The way Japanese view non-Japanese has always been a subject of debate. Often it cannot be determined for sure what they really think. There is a mixture of admiration, suspicion, and most often a lot of nervousness about dealing with someone who doesn't look or act like the Japanese. It is very hard for non-Japanese to get an apartment, or a loan, credit card, etc in Japan. There is no logical or rational explanation for this conflict -- since Japanese do not think in a logical, rational fashion, at least in western terms. If you look at Japanese TV advertisements, the first thing you'll notice is that there are westerners in about a third of them. There are also half a dozen fluent Japanese speaking foreigners endlessly recycled on TV variety shows, constantly ingratiating themselves and amusing the Japanese enough to want them back. Their only real talent is speaking Japanese well, and many long term ex-pats see them as intellectual ЎҐwhoresÐŽ¦ since they must go through the same problems others do, yet they know the rule of getting invited back is to never bite the hand that feeds them. Yet, there are also periodically TV infotainment shows following the cops and catching those ЎҐawful foreignersÐŽ¦ committing crimes in ЎҐour countryÐŽ¦, with sinister background music shrieking away. Japanese youth generally show positive attitudes about foreigners; from others there is often indifference. And then there is the racial question. Many people coming to Japan wonder if the Japanese are racist and cold to westerners. (Japanese Culture ÐŽV A primer for newcomers. (n.d.). Retrieved November 22, 2006, from The answer is not that simple. But it is no exaggeration to say that, bending the metaphor a bit, the Japanese see things through race-colored glasses. It must be emphasized though that Japanese racism is in almost all cases never hostile towards others -- so the idea of people screaming epithets at you like in Canada is inaccurate. Yet, Canada is a culturally very diverse country with racism being one of the biggest taboos in society. Verbal rejection or silent treatment can be regarded as a racist move. Therefore, it is again to be tolerated by a Canadian business person if he/she wants to succeed in any Japanese business. Making it a topic of debate or complaining about it can be fatal and is likely to be followed by the Japanese withdrawal from business.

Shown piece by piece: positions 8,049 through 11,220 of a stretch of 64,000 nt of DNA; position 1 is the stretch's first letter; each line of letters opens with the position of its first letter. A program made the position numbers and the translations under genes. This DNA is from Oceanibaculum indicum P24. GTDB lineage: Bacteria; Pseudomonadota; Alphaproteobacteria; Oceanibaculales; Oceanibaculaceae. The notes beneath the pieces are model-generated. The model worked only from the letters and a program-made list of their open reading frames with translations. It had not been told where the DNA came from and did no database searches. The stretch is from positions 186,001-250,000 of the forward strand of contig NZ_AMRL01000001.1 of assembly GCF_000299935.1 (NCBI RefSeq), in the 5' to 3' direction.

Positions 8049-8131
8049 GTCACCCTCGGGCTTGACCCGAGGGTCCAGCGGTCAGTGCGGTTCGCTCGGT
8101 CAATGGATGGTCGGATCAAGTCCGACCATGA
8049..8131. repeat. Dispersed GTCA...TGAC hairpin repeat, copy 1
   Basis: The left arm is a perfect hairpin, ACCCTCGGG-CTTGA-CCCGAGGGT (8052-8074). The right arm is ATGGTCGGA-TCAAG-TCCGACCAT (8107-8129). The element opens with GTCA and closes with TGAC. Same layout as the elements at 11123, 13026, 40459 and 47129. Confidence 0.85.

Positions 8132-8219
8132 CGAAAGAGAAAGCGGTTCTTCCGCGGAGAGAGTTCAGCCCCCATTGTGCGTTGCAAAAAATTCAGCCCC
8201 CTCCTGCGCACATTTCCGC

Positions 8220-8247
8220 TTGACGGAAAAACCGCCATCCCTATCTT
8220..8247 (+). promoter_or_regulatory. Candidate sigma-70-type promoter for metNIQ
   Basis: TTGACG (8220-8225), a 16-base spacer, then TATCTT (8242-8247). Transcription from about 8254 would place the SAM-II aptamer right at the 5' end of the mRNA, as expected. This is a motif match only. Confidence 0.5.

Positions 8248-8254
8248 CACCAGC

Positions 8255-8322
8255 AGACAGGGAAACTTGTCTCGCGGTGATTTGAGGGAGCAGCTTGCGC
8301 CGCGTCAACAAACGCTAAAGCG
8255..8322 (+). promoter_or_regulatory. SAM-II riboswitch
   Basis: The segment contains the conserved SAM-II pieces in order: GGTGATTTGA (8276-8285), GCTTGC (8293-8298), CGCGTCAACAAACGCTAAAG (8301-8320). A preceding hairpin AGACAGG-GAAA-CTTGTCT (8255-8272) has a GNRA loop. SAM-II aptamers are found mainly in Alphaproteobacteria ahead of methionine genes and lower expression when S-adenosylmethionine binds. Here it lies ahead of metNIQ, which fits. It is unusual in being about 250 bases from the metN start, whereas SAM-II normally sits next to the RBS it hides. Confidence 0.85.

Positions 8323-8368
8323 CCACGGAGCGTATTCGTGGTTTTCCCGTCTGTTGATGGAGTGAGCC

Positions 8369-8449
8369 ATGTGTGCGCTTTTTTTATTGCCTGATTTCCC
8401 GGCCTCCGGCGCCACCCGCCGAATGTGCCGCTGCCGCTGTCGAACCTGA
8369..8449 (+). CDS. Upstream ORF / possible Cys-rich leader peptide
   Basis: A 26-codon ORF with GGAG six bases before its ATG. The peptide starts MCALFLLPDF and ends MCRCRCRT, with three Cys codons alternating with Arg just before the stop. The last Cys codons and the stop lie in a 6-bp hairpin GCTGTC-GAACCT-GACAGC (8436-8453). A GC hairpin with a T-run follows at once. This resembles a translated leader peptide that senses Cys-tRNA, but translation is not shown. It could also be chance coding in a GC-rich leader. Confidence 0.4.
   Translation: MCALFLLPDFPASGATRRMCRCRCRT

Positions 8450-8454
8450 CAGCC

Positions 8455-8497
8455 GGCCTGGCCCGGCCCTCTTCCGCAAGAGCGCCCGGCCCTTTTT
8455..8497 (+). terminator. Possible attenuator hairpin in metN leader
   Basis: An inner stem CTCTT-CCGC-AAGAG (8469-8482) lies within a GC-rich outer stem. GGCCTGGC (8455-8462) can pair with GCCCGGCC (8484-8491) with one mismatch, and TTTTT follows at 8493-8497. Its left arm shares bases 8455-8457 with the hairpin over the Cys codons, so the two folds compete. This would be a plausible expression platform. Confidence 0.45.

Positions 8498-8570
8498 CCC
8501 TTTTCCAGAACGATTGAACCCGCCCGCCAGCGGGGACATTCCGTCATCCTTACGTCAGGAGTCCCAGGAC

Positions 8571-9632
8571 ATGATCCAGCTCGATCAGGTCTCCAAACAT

Upon entering Japan, businessmen soon discover an unusual trait of Japanese -- they can both insult you and compliment you at the same time. One good example is that on top of a few Japanese "Love Hotels" (which are hotels decked out in glittery pink neon and rent rooms by the hour or night for obvious reasons) you will find a big Statue of Liberty. It may be flattering that such an American or generally Western symbol is taken for "liberty", but at the same time to see it on top of a sleazy hotel is a little disconcerting. In the same way, the westerner coming to Japan will right from the airport be drowned in the "compliment" Nihongo wa jouzu desu neh, or "Your Japanese is good". It's usually spoken in a "Look Mom, the horse can do math problems" kind of way -- slightly condescending. The problem with all this is that it is put on you a thousand times a day, every time you open your mouth, in exactly those same words -- never once said in a different way. And the fact that it has nothing to do with your Japanese ability or the effort you are making as a successful businessperson to respect the other countryÐŽ¦s culture. To the Japanese, they are not consciously looking down on you, but rather trying to establish rapport through bombarding you with things they think you like to hear. It's important not to get upset about this and just play humble by denying the praise over and over as they